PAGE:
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Communications, IEEE Transactions on

Issue 5 • Date May 1978

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Displaying Results 1 - 25 of 38
  • [Front cover and table of contents]

    Page(s): 0
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    Freely Available from IEEE
  • Through the digital processor

    Page(s): 489 - 492
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  • Introduction to Papers on TDM/FDM Transmultiplexers

    Page(s): 697 - 698
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  • [Back cover]

    Page(s): 0
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  • A 4800 Bit/s Microprocessor Data Modem

    Page(s): 493 - 498
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    The development of a new 4800 bit/s data modem, based on real-time digital signal processing by program controlled microprocessors, is described. The modem is fully compatible with the CCITT Recommendations V.27 bis and V.27 ter. In the microprocessor modem, all the digital signals are processed by one general purpose microprocessor unit only and no hardware multiplier is employed. A series of processing cycle reduction tactics have allowed an off-the-shelf microprocessor to handle all the modem functions in a real-time environment. Particularly noteworthy, among these tactics, is the use of a decision feedback equalization algorithm. Numbers of multiplications, which are required for a conventional linear equalization, are shown to be obviated with the DFE algorithm. It is also shown that the DFE facilitates a certain timing phase control method. The microprocessor modem is extremely flexible because of its software controlled nature, and through programming it will provide a variety of additional functions. View full abstract»

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  • LSI Processor for Digital Signal Processing and Its Application to 4800 Bit/s Modem

    Page(s): 499 - 506
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    This paper describes a fast data processing LSI unit tailored to the digital signal processing (DSP) applications in the field of electrical communications. The results of successful application to the 4800 bit/s modem are also given. The LSI processor discussed here adopts a firmware control scheme to enhance the flexibility and freedom of application and extensively utilizes the pipeline processing technique to attain high speed data handling capability. The various operations encountered in DSP systems are unified into one operation of the type A \times B + C \rightarrow D and the LSI processor is designed to continuously perform this operation, while the data to be operated are transferred sequentially into the processor controlled by exterior firmware. The developed LSI handles 8 bit data at the clock frequency of 1.152 MHz and manages 144 K operations per second (6.9 μs cycle time). The LSI is an N-MOS chip containing 1500 gates and packaged in a 40 pin DIP. The automatic equalizer for 4800 bit/s modem was implemented using two of the developed LSI processors and about 4 K ROM and 1 K RAM memory chips. The measurement on this modem gave the error rate of 10-5at S/N = 17.6 dB and error free phase jitter allowance of 55° p-p. Application of the LSI processor to digital filters for roll-off spectrum shaping and timing signal extraction is also described. View full abstract»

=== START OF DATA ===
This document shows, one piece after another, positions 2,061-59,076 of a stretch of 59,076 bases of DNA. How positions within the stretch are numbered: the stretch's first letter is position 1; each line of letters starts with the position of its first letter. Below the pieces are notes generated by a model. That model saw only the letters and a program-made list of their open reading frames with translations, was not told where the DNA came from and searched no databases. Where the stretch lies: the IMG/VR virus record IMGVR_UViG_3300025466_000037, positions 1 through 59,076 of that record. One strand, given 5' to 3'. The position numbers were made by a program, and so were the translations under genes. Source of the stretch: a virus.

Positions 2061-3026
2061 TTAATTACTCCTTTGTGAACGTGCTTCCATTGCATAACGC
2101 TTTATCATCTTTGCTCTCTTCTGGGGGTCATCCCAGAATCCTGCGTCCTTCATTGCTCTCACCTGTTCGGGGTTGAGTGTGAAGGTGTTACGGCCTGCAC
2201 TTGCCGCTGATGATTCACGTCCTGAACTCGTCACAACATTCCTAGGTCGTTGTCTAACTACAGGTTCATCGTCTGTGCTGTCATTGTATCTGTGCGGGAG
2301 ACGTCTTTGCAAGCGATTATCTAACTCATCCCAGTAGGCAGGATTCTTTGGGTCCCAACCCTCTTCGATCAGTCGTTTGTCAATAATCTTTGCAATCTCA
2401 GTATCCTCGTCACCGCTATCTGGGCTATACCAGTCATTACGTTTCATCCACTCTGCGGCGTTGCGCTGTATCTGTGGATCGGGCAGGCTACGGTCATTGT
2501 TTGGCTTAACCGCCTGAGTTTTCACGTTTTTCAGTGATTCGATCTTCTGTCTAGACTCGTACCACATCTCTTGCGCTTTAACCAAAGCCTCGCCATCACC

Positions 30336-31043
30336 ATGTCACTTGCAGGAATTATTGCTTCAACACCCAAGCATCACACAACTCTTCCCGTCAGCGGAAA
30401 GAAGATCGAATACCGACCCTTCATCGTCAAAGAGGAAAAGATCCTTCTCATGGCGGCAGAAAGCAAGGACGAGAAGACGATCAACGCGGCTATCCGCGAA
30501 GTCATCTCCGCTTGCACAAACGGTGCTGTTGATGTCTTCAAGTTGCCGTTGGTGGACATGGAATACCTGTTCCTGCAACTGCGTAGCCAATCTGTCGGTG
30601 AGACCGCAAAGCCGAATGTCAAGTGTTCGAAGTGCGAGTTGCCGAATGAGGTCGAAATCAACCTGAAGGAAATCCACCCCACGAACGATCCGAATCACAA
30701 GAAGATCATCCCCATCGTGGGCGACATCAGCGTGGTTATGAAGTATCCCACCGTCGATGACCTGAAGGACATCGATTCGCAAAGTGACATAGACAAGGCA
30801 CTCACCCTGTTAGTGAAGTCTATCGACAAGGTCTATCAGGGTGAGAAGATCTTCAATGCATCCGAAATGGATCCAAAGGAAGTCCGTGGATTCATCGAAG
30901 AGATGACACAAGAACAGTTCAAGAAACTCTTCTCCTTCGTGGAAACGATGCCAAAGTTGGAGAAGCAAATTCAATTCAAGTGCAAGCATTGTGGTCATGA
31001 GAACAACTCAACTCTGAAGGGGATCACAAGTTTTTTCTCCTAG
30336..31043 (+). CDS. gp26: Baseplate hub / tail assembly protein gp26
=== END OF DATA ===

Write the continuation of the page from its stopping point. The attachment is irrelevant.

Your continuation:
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  • Digital Signal Processing with Program Synchronization Between Two Microprocessors

    Page(s): 513 - 517
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    This paper addresses the synchronization problems which arise when real-time signal processing is performed in a multimicroprocessor machine. An experimental machine composed of two specialized microprocessors has been assembled: one to compute correlation and convolution products with a high thruput; the second one is a general purpose microprocessor which efficiently handles independent tasks on its various interrupt levels. The signal processing was decomposed into a sequence of elementary time dependent tasks executed in an appropriate order. Due to microprocessor specialization, the microprocessors had to give assistance to each other, and a tight synchronization between the programs run by each of these was necessary. This machine has been used successfully in data communication applications. View full abstract»

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  • Tamed Frequency Modulation, A Novel Method to Achieve Spectrum Economy in Digital Transmission

    Page(s): 534 - 542